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Nvidia installer

by joekamprad

nvidia-installer and nvidia-installer-dkms:

We do offers a script formaly developed for Antergos by karasu and forked to use it now under EndeavourOS.

nvidia-installer-dkms is installed by default and can be used easily to install and remove propritary nvidia drivers .

We choose to install the dkms version by default to keep drivers installed and updated for all kernels you may install.

nvidia-installer-dkms uses dkms driver versions instead of non-dkms. This means that you can install the NVidia drivers also on other kernel versions like LTS, Zen, and Hardened. Using the installer’s dkms version also means, you need to install kernel header packages according to your installed kernel(s).

// example for linux-lts: sudo pacman -S linux-lts-headers

Package nvidia-installer-dkms since version 3.3.6-1 includes a tool nvidia-installer-check that can be used for checking which of the nvidia-driver versions supports your NVidia graphics card. Here are some examples of its output:

$ nvidia-installer-check 
Your graphics card (id 1dba) is supported by the nvidia-dkms driver.

$ nvidia-installer-check 
Your graphics card (id 06c4) is supported by the nvidia-390xx-dkms driver.
Use the --force option with nvidia-installer-dkms.
Then, BEFORE rebooting, install nvidia-390xx-dkms from the AUR, for example:
  yay -S nvidia-390xx-dkms

$ nvidia-installer-check 
Sorry, your Nvidia card (id: aaaa) is not supported by nvidia-dkms nor nvidia-390xx-dkms.

More info on dkms:


Workaround for NVidia cards that require 390xx series driver

  • Use nvidia-installer-dkms to install nvidia-dkms (may need to use the --force option)
  • If you get a warning about card is not in our database, then, before rebooting, install nvidia-390xx-dkms from the AUR:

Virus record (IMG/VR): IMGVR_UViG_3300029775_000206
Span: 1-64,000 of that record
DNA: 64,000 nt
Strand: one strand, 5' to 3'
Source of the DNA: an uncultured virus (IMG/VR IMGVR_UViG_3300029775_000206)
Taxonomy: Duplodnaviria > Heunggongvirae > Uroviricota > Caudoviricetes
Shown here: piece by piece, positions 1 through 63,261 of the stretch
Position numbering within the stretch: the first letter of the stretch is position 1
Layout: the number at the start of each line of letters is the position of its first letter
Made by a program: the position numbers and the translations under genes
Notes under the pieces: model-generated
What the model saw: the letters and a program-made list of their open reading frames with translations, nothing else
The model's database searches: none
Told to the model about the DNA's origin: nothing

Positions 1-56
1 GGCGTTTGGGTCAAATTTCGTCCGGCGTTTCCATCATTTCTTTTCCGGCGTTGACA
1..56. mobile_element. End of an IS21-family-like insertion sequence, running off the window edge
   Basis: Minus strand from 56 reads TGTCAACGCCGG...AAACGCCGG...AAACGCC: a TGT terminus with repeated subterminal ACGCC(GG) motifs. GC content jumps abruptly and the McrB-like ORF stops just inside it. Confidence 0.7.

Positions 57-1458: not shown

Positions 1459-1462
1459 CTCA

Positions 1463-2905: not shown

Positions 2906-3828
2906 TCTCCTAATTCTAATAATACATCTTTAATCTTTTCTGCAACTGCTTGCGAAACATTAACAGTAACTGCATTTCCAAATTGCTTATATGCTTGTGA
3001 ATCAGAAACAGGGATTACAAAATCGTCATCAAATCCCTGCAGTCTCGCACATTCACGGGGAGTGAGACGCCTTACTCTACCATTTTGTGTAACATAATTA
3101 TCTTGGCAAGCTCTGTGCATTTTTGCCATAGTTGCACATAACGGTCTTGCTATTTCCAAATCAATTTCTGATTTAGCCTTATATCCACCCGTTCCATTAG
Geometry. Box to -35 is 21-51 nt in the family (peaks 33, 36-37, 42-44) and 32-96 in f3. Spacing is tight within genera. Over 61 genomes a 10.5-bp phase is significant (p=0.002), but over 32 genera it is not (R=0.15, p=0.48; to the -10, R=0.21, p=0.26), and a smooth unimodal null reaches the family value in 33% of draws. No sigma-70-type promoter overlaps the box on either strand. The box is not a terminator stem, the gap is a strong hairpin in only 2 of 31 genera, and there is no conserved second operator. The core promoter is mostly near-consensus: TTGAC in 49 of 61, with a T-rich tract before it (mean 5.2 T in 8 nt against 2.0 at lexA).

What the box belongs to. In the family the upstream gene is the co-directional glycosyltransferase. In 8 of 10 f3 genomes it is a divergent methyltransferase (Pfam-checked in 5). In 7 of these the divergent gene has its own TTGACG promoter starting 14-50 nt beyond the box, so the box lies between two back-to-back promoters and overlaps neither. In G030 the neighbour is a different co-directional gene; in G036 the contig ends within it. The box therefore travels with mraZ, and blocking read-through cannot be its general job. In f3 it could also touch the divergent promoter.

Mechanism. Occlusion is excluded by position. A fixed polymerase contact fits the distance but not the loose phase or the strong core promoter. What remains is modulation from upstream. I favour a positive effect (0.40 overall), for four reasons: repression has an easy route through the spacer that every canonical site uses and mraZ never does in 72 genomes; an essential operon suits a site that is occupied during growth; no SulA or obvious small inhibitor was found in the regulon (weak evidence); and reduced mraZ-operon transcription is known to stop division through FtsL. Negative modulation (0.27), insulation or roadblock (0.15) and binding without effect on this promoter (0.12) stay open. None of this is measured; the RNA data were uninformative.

yay -S nvidia-390xx-dkms

This is a list of all options for the script:

nvidia-installer-dkms -h (shows help)

usage: nvidia-installer-dkms [-h] [-b] [-f] [-t] [-q] [-n]
 EndeavourOS Nvidia Installer v2.1
 optional arguments:
   -h, --help       show this help message and exit
   -b, --bumblebee  For Nvidia Optimus cards (Bumblebee + proprietary Nvidia drivers)
   -f, --force      Force driver installation even if a nvidia card is not detected
   -t, --test       Test mode. Nothing in your system will be modified
   -q, --quiet      Supress log messages
   -n, --nouveau    Restores nouveau (open) nvidia driver

Install Nvidia proprietary drivers

test run for installation (will do i dry run without any changes to the system)

nvidia-installer-dkms -t

if it does not put out error run real install:

sudo nvidia-installer-dkms

this will install Nvidia proprietary drivers and do some configuration inside /etc/X11/xorg.conf.d/

sudo systemctl reboot

And you are on Nvidia drivers!

Optional settings and enhancements after installing driver:

If you want KMS (no requirement)

to get maybe gnome-wayland-session working you need to hack a bit after this…

adding nvidia-drm.modeset=1 to the kernel parameter inside grub: